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Marcelino Serna was a World War I hero. He still has a lot to teach us

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By David C. Stout

As our nation transitions, we need to pursue ways for Americans to become united again. An El Paso history lesson provides a way forward for the healing our nation needs.

El Paso County Commissioner David Stout

Marcelino Serna became an El Pasoan, though he was born in a mining camp outside Chihuahua, Mexico.  In World War I, shortly after emigrating, he fought for the United States.  He ended that war in an army hospital in France, according to the Texas State Historical Association’s Handbook of Texas, but before that, during the battle of Saint-Mihiel, he volunteered to scout ahead after 12 of his brothers in arms had been killed.  He killed six members of the machine gun emplacement that had his unit under fire and captured the remaining eight soldiers.

Later, during the Meuse-Argonne offensive, he scouted ahead, again as a volunteer, and followed a German sniper to a trench, where Pvt. Serna used an Enfield rifle, pistol and grenades to trick the German unit into believing they were under attack by a larger unit.  He killed 26 enemy soldiers and took 24 German prisoners, whom he later protected from execution in compliance with international law.

Pvt. Serna did all these things after refusing a discharge, offered when the Army learned he was not an American citizen.  Pvt. Serna spoke limited English, but he served his adopted nation honorably, earning two Purple Hearts and becoming the first Latino solider to receive the Distinguished Service Cross.  He became one of Texas’ most decorated World War I veterans.

In September, the El Paso County Commissioners Court unanimously passed twin resolutions honoring Pvt. Serna and supporting efforts by our federal and state delegations to seek recognition of his record through posthumous grants of both the Medal of Honor and the Texas Legislative Medal of Honor.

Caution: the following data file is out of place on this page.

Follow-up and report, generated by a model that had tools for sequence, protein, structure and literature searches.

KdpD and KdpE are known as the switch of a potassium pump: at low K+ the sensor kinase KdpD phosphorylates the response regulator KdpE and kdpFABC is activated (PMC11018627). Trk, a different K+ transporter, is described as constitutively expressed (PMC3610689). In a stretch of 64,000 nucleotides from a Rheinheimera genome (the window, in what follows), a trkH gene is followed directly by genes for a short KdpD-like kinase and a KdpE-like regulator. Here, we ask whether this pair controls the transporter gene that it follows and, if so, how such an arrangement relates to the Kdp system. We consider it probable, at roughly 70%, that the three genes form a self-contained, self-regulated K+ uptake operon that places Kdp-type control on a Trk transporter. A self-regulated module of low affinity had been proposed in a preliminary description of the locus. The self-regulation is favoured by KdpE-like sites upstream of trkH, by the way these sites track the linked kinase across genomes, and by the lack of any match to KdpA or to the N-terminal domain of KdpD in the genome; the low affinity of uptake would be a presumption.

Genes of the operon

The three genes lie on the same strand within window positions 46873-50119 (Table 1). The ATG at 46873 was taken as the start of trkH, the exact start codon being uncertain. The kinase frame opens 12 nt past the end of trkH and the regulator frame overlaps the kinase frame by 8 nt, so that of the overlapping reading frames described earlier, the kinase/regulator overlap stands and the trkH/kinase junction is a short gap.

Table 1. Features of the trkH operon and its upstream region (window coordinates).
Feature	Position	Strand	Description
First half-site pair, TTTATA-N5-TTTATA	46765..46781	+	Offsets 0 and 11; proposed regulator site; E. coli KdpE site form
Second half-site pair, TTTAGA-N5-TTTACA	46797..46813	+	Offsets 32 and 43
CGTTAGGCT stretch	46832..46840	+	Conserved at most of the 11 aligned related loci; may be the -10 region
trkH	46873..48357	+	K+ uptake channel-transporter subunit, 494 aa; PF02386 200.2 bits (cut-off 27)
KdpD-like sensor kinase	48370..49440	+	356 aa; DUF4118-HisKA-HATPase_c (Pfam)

Both awards would be meritorious, but Pvt. Serna’s story should also be a catalyst for an even larger, more important conversation about American life and the common good, about making sure that we do all we can to make America greater into the future.

America has been great since long before anyone living took their first breath.  Even if he was not born here, Pvt. Serna devoted his life to making America stronger and an even greater nation.

There are hundreds of thousands of people who could follow in Pvt. Serna’s footsteps, recipients of Deferred Action for Childhood Arrivals, who know no home other than America, who have been educated here, who hold jobs here, and who have served in our military.

The divisive rhetoric of the past four years has turned these people into political pawns, valuable contributors who have been reduced only to their immigration status, to manufacture outrage and score political points. The conversation focused on division instead of how we might unify as a people to do the right thing.

Pvt. Serna should be viewed as a model for what America has been and continues to be when we are at our best: a whole much greater than the sum of our parts, and a diverse people who agree that we can achieve more together than we can divided, even if we do not always agree on the best ways to proceed.

Being a bridge of opportunity to the thousands of DACA recipients who need permanent legal protection would be a fine way for Americans to commit to the common good, cementing the legacy of a distinguished veteran whose contributions racism has minimized.

If we can agree on that, we will have taken a large step toward restoring American greatness.

David C. Stout has represented Precinct 2 on El Paso County Commissioners Court since 2015.

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